Mike Birbiglia isn’t out to mess with anybody. It is the nature of standup comedy Birbiglia’s being no exception to be pretty direct and clear with its themes and meanings. Standup doesn’t really have a terrific opportunity for mystery and subtext — if you want to deliver a message you put it right out there on the surface. Sleepwalk with Me employs the same mentality. It doesn’t force its audience to work to devise to really dig all that deep. We know right away what it wants us to think about and feel: it practically tells us. It wants us to laugh — we know that because jokes are delivered in pretty clear standup form right from the beginning through Birbiglia’s humble good-natured narration. He tells us his story right after telling us that he’s going to tell us his story. He’s straight with us throughout. We can relax and watch peaceably as bullet points are placed neatly and feelings are spelled out.
For many of us this might be a deterrent. We’re averse to such an easy approach to watching a movie — we think “Shouldn’t I be trying harder to get what’s going on?” Or “Isn’t a film that practically tells me what it wants me to feel not doing its job?” We’re inclined to believe that the more “layered” pictures are better. But not every movie sets out with the same goal. Ultimately a movie’s job is to make us think about and feel something. To teach us something. To tell us a story. Well Birbiglia’s movie is a story about storytelling. It’s only natural that the storyteller be an engaged and ever present aspect of the story in this case.
Sleepwalk with Me derived from Birbiglia’s one-man play book and (originally) actual life chronicles a young man’s ascension toward the role of successful standup comedian. Matt Pandamiglio is the comic’s pseudonym — when we meet him he’s moving in with his long-term go-getter girlfriend Abbey (Lauren Ambrose) despite a heap of uncertainty about their relationship. His state as an aspiring standup is rickety at best and his parents (James Rebhorn and Carol Kane) are hardly abettors to his psyche. And oh yeah… he sleepwalks. Scratch that — he sleep-goes-crazy.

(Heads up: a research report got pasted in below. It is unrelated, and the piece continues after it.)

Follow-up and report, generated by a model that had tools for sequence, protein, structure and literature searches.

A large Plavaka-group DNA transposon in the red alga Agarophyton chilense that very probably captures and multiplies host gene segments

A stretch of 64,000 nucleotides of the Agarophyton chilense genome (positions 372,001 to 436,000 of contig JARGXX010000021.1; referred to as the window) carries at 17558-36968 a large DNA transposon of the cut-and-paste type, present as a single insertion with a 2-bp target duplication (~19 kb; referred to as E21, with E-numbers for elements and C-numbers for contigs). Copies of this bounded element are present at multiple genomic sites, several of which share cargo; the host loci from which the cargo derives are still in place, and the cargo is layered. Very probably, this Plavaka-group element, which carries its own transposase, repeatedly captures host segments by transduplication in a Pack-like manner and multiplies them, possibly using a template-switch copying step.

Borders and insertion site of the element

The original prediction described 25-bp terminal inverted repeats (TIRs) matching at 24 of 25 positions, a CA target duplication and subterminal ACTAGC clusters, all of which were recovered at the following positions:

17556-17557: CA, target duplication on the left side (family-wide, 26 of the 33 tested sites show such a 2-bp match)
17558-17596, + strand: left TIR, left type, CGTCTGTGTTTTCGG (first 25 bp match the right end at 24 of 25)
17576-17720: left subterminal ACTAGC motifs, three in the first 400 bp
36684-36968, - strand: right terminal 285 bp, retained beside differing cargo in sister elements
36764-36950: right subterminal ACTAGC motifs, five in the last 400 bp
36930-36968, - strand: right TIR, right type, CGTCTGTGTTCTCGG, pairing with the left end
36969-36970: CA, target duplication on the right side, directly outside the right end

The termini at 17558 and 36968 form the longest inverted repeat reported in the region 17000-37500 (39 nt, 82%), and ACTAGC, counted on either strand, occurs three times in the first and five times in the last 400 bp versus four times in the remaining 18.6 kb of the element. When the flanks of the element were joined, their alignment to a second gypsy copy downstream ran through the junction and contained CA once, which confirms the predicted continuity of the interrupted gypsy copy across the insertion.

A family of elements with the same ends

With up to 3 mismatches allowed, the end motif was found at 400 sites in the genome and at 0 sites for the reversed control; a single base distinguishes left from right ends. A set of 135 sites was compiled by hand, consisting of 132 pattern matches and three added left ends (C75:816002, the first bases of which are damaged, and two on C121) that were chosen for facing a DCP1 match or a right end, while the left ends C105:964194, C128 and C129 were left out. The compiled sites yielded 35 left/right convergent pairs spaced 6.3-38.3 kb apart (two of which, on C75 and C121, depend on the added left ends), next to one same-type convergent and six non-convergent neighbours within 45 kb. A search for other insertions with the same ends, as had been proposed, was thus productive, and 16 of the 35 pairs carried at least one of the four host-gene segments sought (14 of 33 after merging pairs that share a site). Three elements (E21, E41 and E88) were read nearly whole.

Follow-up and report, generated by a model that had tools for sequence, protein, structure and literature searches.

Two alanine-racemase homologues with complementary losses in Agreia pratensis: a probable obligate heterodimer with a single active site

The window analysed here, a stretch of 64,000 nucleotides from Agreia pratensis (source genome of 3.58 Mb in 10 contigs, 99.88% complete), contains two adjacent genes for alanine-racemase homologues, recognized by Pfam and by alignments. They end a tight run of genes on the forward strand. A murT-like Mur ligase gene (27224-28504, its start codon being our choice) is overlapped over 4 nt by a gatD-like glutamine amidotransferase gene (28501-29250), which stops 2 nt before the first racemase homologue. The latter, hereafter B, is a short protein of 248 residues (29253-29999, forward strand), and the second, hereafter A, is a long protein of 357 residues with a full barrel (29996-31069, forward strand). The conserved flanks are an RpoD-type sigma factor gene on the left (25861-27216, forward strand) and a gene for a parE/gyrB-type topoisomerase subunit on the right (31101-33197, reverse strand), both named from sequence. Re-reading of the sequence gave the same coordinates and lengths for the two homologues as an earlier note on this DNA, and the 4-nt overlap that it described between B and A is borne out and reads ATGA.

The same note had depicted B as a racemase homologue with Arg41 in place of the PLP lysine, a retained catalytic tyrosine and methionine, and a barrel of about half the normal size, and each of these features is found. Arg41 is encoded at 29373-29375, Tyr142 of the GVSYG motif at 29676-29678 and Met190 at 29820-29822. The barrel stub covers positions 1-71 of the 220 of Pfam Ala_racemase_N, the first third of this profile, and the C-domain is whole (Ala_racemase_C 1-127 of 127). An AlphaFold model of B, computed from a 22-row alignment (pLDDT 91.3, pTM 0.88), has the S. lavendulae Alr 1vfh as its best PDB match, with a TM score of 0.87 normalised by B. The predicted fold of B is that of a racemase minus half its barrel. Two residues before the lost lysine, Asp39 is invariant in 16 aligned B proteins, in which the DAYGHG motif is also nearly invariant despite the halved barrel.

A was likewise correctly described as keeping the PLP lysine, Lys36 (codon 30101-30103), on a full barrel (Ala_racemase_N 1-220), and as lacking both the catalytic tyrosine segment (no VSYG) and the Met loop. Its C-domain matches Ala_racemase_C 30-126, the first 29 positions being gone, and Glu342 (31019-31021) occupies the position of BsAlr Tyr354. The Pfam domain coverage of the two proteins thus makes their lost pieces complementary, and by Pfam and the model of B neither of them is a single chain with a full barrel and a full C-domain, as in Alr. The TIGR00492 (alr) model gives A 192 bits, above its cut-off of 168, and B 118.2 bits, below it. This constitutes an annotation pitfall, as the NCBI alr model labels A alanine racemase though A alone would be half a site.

We learn early on in the film that Pandamiglio (much like Birbiglia himself) suffers from a rare REM disorder wherein individuals act out the dreams they are having often quite dangerously. It is understood that Pandamiglio’s sleepwalking is linked to the anxieties he is having about his relationship and career; we are treated to an ominous (yet never obstructively heavy — even the darkest and saddest moments in this movie are peppered with some delightful yet humane comedy) tone regarding his disorder.
Pandamiglio’s comedy starts off as nothing to sneeze at either. At least until he embraces the true humors in his life: his relationship troubles and his nighttime disease. Pandamiglio finds the honesty in the sharing of intimate stories to be an unexpected goldmine for humor. As his relationship grows jagged his profession starts to kick off (treating him to an eclectic array of experiences on the road) we quickly learn what the movie is selling.
It’s selling honesty and it is doing so quite honestly. Just as Pandamiglio cannot subdue himself from telling this true forthright stories the movie does not subdue itself in sharing this message. No we do not really have to invest ourselves ardently to earn this message but we are not cheated out of an emotional experience. From beginning to end Sleepwalk with Me is so incredibly pleasant that it almost warrants thoughts of pessimism throughout: “When is this movie going to stop being so enjoyable?” It never reaches that point. The laughter doesn’t die out — the top-notch performances don’t valley. Sleepwalk maintains a humorous sentimental perfectly honest and open charm that makes one recognize just how valuable this kind of storytelling can be. It changes things for Pandamiglio; and it gives us a piece of film so candid unpretentious and human that you might literally not be able to stop smiling from titles to credits.